Bike Of The Week: First Bikes

Life is like riding a bicycle. You don’t fall off unless you stop pedaling. – Claude Pepper

One thing you notice living in the Tri-Border region is the general absence of tricycles for kids, or bicycles with training wheels.  A Dutch friend said that trikes are generally an indoors-only toy for the very youngest of children.  Unlike America, there are lots of very small, kid friendly bikes here.  Some are pedal powered, but many are some kind of hobby-horse, upon which young riders sits and paddle with their feet.

These simple two-wheeled conveyances are actually a modern version of the earliest known bicycle, the Draisienne.  Invented in 1817 by Baron Karl von Drais, the wooden vehicle (also called the Pedestrian Accelerator in Britain, and le velocipede in France) featured a steerable front wheel and supported the rider on a saddle between two moderately-sized wheels.

By all accounts, the Draisienne was primarily an amusement for the wealthy, a trifle to be used on the manicured paths of one’s estate, or one of the new and still rare  Macadam roads.   However, it showed the potential for great speed, and demonstrated the then revolutionary concept of balancing on two wheels.

It is possible that Baron Drais had bigger plans for his new conveyance.  In 1815, the Indoneesian volcano of Tambora exploded with the largest know eruption in recorded history.  An estimated 50 cubic kilometers of ash was ejected into the stratosphere where it remained for several years, reddening sunsets and cutting the sunlight reaching the ground.  1816 was know as the year without a summer, and disastrous crop failures were noted in Europe and North America.   Starvation was widespread, and horses were killed for lack of fodder, the price of oats then playing the same role as oil price today.  Perhaps Drais was anticipating a future without horses?  In any event, the Draisienne was three generations ahead of its time.  The birth of the modern bicycle would have to await the inventions of Starley, Dunlop, and countless others, together with the availability of paved roads, to perfect the Baron’s brain child.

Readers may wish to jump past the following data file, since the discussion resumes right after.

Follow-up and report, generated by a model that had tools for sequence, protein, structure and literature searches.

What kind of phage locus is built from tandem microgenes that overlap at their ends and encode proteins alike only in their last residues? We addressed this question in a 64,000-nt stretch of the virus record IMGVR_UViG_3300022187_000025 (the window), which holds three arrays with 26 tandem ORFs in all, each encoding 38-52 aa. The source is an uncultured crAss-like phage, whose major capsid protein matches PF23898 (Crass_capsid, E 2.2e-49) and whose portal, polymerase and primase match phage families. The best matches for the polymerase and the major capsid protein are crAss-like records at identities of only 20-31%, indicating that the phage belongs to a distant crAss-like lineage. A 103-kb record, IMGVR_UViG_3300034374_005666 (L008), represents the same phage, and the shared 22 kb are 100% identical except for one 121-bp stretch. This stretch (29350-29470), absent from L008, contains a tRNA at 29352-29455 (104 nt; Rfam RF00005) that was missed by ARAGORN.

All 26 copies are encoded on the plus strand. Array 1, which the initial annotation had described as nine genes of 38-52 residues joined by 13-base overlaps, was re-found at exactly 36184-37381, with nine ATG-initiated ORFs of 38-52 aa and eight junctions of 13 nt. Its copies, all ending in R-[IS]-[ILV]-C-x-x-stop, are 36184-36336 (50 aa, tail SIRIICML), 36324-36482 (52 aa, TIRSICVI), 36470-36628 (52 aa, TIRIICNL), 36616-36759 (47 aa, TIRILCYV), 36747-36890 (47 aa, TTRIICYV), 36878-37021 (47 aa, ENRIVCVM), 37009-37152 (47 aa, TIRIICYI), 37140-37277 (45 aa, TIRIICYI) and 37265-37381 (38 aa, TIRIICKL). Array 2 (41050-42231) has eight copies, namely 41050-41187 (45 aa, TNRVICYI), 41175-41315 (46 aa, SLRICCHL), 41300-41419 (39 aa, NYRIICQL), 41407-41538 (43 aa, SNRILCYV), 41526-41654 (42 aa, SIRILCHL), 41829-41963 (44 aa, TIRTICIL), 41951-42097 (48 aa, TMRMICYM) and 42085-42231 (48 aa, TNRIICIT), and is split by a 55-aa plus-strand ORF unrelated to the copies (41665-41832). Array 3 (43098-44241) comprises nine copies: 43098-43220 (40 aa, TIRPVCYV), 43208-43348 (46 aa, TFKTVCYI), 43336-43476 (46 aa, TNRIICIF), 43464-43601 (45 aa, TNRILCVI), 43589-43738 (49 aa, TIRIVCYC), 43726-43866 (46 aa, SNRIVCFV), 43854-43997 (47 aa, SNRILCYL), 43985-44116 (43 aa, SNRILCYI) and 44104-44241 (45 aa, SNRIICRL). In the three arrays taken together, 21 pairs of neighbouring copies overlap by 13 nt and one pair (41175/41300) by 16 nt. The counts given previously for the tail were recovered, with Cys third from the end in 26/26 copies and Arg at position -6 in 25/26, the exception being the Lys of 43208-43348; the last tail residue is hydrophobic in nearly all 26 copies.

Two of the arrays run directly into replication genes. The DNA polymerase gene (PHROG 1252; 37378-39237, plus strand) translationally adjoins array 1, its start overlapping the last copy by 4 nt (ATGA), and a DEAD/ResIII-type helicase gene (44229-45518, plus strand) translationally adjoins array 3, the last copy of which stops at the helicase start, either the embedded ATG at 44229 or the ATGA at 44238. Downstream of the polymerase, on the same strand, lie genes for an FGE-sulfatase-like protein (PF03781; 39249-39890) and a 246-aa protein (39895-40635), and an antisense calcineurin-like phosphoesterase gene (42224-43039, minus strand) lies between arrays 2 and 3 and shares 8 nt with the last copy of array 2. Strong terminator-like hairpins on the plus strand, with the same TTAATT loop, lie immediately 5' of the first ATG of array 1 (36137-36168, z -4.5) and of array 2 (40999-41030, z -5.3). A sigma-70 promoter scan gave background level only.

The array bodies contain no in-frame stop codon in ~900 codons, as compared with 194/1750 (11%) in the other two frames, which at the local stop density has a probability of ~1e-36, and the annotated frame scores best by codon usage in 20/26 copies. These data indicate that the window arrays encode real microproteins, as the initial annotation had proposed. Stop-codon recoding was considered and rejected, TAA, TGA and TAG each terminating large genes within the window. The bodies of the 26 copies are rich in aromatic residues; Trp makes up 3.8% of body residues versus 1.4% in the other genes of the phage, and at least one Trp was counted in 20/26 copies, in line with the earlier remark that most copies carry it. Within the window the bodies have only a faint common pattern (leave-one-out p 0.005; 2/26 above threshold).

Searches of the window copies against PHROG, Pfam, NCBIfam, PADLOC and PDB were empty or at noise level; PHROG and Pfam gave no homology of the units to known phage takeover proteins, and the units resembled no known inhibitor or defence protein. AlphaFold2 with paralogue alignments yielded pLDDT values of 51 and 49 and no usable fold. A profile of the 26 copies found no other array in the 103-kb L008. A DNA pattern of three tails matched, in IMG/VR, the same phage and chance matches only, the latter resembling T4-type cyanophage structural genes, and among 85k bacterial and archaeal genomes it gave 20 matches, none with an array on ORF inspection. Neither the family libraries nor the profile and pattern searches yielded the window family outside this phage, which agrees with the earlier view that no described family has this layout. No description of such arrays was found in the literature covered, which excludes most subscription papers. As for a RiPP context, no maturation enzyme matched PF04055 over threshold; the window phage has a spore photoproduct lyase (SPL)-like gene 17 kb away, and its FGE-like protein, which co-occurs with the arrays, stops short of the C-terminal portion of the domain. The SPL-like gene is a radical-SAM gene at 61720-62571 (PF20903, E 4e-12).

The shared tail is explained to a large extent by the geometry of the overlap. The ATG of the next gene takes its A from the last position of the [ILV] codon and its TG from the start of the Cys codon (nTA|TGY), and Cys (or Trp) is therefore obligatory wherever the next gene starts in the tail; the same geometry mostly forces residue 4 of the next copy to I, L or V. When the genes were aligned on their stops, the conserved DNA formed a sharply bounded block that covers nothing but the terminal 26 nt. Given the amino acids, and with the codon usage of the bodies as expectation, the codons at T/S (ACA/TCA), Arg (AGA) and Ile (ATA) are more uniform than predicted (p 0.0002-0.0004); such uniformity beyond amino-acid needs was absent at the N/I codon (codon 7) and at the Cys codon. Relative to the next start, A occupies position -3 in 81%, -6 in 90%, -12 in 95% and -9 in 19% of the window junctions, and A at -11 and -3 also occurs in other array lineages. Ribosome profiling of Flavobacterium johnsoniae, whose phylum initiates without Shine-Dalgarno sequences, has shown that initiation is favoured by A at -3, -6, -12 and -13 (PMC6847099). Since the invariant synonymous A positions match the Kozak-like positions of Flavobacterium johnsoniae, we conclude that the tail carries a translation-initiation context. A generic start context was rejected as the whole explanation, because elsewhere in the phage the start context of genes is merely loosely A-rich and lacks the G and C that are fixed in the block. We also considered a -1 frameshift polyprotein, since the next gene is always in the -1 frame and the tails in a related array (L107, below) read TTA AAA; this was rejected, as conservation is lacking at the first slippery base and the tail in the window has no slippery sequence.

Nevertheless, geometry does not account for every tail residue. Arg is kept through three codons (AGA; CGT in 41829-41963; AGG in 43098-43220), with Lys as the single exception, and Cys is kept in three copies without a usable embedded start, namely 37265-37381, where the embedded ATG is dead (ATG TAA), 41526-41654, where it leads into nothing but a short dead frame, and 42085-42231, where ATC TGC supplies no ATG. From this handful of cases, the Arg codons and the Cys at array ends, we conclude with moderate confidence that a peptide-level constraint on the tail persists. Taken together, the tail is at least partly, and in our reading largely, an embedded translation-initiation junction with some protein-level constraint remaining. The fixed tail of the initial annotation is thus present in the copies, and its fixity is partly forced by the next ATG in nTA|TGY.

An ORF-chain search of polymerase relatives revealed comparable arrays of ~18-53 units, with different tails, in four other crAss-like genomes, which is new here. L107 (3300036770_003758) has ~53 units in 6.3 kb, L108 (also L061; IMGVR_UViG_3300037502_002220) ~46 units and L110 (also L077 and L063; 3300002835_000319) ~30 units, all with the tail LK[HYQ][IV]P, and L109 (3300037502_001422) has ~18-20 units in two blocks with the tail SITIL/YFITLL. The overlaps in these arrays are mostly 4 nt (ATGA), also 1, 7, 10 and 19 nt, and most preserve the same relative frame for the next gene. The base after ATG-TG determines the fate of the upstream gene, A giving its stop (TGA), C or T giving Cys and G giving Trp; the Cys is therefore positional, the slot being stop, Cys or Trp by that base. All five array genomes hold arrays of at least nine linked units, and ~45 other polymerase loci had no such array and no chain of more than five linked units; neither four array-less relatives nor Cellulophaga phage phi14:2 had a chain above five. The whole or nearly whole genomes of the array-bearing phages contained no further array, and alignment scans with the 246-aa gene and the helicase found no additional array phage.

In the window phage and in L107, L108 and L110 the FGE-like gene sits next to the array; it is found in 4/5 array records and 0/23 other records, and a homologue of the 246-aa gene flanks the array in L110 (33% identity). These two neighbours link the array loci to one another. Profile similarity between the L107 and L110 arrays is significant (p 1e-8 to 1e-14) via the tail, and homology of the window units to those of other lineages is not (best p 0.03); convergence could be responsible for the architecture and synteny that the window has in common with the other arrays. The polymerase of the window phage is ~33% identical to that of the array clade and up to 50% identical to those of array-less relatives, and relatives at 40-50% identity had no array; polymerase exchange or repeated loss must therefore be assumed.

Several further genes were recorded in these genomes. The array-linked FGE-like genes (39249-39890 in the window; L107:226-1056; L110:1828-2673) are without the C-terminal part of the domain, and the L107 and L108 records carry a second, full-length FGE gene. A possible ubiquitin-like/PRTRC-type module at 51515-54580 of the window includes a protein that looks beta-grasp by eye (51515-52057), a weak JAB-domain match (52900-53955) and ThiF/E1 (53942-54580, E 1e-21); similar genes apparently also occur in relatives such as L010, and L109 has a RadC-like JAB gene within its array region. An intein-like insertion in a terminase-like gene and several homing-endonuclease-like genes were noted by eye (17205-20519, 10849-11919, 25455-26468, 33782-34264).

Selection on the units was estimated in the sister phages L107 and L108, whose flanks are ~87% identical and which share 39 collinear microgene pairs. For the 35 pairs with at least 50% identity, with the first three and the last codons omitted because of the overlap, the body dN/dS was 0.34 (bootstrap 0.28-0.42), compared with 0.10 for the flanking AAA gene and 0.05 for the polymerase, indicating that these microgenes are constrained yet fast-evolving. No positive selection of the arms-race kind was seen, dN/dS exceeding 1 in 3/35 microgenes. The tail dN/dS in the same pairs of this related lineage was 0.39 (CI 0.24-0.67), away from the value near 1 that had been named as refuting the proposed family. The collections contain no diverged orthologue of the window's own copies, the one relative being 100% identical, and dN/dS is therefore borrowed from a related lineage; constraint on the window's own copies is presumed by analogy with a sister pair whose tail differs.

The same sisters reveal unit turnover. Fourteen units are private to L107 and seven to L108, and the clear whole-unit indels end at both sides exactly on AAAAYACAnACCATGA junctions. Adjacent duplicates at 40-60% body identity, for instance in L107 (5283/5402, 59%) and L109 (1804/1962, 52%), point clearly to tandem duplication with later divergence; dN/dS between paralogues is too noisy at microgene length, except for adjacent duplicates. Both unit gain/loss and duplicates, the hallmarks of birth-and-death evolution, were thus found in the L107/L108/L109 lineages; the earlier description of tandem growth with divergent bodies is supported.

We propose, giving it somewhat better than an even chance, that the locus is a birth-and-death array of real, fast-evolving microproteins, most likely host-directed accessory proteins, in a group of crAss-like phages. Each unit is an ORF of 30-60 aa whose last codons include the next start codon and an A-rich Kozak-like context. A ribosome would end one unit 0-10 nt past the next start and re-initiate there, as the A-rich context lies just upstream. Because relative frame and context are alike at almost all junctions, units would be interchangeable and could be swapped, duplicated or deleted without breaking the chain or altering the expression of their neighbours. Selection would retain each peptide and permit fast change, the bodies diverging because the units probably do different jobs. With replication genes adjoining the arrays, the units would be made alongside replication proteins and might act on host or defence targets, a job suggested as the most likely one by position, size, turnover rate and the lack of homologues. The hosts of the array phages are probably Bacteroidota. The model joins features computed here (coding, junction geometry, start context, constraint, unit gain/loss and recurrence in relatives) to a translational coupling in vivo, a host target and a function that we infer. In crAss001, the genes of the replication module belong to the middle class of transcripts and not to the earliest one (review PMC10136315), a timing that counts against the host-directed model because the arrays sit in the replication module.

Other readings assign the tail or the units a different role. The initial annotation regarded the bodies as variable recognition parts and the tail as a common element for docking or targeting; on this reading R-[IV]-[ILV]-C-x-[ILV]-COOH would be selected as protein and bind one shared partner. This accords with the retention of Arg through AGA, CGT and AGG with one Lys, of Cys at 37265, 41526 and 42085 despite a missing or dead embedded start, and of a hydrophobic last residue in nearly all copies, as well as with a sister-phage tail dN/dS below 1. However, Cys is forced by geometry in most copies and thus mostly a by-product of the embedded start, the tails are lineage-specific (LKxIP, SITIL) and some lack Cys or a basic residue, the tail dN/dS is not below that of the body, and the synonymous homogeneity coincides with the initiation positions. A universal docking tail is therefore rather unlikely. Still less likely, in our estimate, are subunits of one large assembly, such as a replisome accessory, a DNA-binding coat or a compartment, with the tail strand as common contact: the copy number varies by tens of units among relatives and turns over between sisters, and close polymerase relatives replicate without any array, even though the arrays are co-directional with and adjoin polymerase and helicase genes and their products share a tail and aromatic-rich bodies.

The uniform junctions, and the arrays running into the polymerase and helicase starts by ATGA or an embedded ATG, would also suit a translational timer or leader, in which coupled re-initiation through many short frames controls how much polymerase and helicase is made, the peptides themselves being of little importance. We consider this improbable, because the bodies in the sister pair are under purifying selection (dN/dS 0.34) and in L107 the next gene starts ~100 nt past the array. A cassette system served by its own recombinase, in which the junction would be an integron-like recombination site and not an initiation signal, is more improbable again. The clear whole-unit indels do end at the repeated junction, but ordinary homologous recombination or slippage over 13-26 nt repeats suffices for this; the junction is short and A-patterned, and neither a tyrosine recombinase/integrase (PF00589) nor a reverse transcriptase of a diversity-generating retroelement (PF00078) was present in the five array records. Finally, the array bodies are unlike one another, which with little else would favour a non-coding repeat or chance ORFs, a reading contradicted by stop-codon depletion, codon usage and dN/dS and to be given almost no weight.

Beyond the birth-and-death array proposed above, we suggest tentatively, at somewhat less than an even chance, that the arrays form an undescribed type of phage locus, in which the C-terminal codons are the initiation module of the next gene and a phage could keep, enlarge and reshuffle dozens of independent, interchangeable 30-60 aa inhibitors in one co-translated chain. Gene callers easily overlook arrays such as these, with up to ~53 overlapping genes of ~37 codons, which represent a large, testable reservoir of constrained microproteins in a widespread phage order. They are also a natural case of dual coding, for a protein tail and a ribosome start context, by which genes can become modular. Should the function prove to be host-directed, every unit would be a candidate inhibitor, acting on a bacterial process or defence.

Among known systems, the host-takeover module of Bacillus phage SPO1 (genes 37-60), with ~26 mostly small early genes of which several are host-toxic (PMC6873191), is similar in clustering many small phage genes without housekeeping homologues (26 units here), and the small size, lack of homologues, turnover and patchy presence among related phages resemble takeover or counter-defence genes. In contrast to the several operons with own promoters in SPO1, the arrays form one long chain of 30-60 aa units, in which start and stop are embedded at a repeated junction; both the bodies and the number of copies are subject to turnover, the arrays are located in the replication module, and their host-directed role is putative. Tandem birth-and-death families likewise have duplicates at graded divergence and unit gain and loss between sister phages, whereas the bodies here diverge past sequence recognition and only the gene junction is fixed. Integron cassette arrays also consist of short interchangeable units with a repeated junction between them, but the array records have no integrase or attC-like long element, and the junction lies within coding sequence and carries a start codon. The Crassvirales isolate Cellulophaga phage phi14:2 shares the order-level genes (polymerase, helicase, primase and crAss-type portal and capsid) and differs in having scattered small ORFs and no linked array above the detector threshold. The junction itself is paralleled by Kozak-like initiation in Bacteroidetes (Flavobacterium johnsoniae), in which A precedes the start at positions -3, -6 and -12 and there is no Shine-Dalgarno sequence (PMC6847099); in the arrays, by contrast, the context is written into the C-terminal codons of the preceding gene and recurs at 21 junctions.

Below is a modern recreation.  Note the adjustable saddle height.  Perfect for breezing along on the Burke-Gillman trail!

The Draisienne enjoyed limited success, but by 1821 riders were subjected to high taxes or outright bans, and popularity waned.  This almost 200 year-old idea lives on today in the form of inexpensive and relatively safe toys to introduce children to the wonder of balance and motion astride two wheels. Modern incarnations may be in wood, metal, or plastic.


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Filed under bike of the week, culture, general interest

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